Mechanical stress-induced reactive gliosis in the auditory nerve and cochlear nucleus

Laboratory investigation

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Object

Hearing levels following microsurgical treatment gradually deteriorate in a number of patients treated for vestibular schwannoma (VS), especially in the subacute postoperative stage. The cause of this late-onset deterioration of hearing is not completely understood. The aim of this study was to investigate the possibility that reactive gliosis is a contributory factor.

Methods

Mechanical damage to nerve tissue is a feature of complex surgical procedures. To explore this aspect of VS treatment, the authors compressed rat auditory nerves with 2 different degrees of injury while monitoring the compound action potentials of the auditory nerve and the auditory brainstem responses. In this experimental model, the axons of the auditory nerve were quantitatively and highly selectively damaged in the cerebellopontine angle without permanent compromise of the blood supply to the cochlea. The temporal bones were processed for immunohistochemical analysis at 1 week and at 8 weeks after compression.

Results

Reactive gliosis was induced not only in the auditory nerve but also in the cochlear nucleus following mechanical trauma in which the general shape of the auditory brainstem response was maintained. There was a substantial outgrowth of astrocytic processes from the transitional zone into the peripheral portion of the auditory nerve, leading to an invasion of dense gliotic tissue in the auditory nerve. The elongated astrocytic processes ran in parallel with the residual auditory neurons and entered much further into the cochlea. Confocal images disclosed fragments of neurons scattered in the gliotic tissue. In the cochlear nucleus, hypertrophic astrocytic processes were abundant around the soma of the neurons. The transverse diameter of the auditory nerve at and proximal to the compression site was considerably reduced, indicating atrophy, especially in rats in which the auditory nerve was profoundly compressed.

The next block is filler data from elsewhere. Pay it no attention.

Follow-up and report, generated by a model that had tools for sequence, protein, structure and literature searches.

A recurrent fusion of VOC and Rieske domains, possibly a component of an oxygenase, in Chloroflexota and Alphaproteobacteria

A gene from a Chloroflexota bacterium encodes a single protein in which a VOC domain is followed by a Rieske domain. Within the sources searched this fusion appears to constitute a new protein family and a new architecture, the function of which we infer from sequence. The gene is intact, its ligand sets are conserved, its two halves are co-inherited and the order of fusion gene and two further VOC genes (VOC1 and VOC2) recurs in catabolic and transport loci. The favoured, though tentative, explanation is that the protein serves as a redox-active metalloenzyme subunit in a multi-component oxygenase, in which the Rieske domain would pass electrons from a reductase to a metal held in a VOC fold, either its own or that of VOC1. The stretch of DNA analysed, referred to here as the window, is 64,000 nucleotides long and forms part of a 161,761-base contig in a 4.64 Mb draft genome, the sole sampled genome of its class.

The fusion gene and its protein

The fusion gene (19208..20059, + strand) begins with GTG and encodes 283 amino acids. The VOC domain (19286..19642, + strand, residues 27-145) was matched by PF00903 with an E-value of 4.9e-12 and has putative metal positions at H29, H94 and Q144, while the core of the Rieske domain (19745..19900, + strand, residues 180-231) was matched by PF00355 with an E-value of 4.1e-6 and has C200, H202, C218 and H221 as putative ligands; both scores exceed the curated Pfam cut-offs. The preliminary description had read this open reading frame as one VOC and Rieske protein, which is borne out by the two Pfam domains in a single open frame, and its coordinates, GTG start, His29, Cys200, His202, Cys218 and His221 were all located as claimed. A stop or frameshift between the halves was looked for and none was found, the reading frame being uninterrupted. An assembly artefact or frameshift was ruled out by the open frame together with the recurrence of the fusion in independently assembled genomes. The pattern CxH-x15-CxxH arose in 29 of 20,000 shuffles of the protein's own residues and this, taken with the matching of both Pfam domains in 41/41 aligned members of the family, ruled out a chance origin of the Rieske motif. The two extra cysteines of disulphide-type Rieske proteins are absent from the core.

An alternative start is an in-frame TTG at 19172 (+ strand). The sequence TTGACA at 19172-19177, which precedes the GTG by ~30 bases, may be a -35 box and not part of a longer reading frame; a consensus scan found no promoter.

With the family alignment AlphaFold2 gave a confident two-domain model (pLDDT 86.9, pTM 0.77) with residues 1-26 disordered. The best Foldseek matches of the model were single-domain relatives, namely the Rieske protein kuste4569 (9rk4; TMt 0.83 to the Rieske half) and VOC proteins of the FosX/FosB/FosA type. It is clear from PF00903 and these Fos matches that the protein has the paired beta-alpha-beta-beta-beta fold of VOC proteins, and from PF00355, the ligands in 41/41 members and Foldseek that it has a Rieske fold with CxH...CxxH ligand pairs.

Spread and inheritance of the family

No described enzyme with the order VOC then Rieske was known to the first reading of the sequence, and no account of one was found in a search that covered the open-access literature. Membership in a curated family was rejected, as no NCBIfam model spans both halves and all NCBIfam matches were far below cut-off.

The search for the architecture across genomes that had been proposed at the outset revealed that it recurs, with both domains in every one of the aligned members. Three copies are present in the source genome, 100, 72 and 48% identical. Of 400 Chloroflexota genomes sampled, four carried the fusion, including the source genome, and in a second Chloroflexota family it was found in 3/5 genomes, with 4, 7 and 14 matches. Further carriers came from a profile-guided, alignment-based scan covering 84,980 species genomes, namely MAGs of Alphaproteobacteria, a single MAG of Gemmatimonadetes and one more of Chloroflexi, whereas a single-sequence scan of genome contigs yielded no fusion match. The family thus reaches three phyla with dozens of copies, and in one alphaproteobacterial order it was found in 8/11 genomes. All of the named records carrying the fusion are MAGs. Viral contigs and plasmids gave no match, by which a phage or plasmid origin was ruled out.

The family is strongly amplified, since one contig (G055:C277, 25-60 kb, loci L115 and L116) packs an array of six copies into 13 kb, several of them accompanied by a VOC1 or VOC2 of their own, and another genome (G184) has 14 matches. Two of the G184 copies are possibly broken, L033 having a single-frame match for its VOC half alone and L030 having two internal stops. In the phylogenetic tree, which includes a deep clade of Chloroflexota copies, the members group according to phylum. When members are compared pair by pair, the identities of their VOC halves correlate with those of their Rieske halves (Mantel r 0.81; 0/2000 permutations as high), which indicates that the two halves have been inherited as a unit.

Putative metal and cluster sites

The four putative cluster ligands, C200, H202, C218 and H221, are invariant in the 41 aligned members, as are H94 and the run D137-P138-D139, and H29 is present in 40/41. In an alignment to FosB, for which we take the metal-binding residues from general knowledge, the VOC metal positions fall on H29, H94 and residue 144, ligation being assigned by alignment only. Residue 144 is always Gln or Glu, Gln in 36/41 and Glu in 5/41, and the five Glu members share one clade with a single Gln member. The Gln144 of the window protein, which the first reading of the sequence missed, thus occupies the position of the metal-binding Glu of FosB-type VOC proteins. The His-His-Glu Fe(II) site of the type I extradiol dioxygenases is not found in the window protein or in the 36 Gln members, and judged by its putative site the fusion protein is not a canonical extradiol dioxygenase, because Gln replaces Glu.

Conclusions

The authors found for the first time that mechanical stress to the auditory nerve causes substantial reactive gliosis in both the peripheral and central auditory pathways within 1–8 weeks. Progressive reactive gliosis following surgical stress may cause dysfunction in the auditory pathways and may be a primary cause of progressive hearing loss following microsurgical treatment for VS.

Abbreviations used in this paper: ABR = auditory brainstem response; CAP = compound action potential; CPA = cerebellopontine angle; CR = compression-recording; EDTA = ethylenediaminetetraacetic acid; GFAP = glial fibrillary acidic protein; IAA = internal auditory artery; IAC = internal auditory canal; IAM = internal auditory meatus; IPL = interpeak latency; PBS = phosphate-buffered saline; PNS = peripheral nervous system; TSF = tractus spiralis foraminosus; TZ = transitional zone; VS = vestibular schwannoma.
Article Information

Contributor Notes

Address correspondence to: Tetsuji Sekiya, M.D., Department of Otolaryngology, Head and Neck Surgery, Kyoto University Graduate School of Medicine, Sakyou-ku, Kyoto, 606-8507 Japan. email: tsekiya@ent.kuhp.kyoto-u.ac.jp.Please include this information when citing this paper: published online April 2, 2010; DOI: 10.3171/2010.2.JNS091817.
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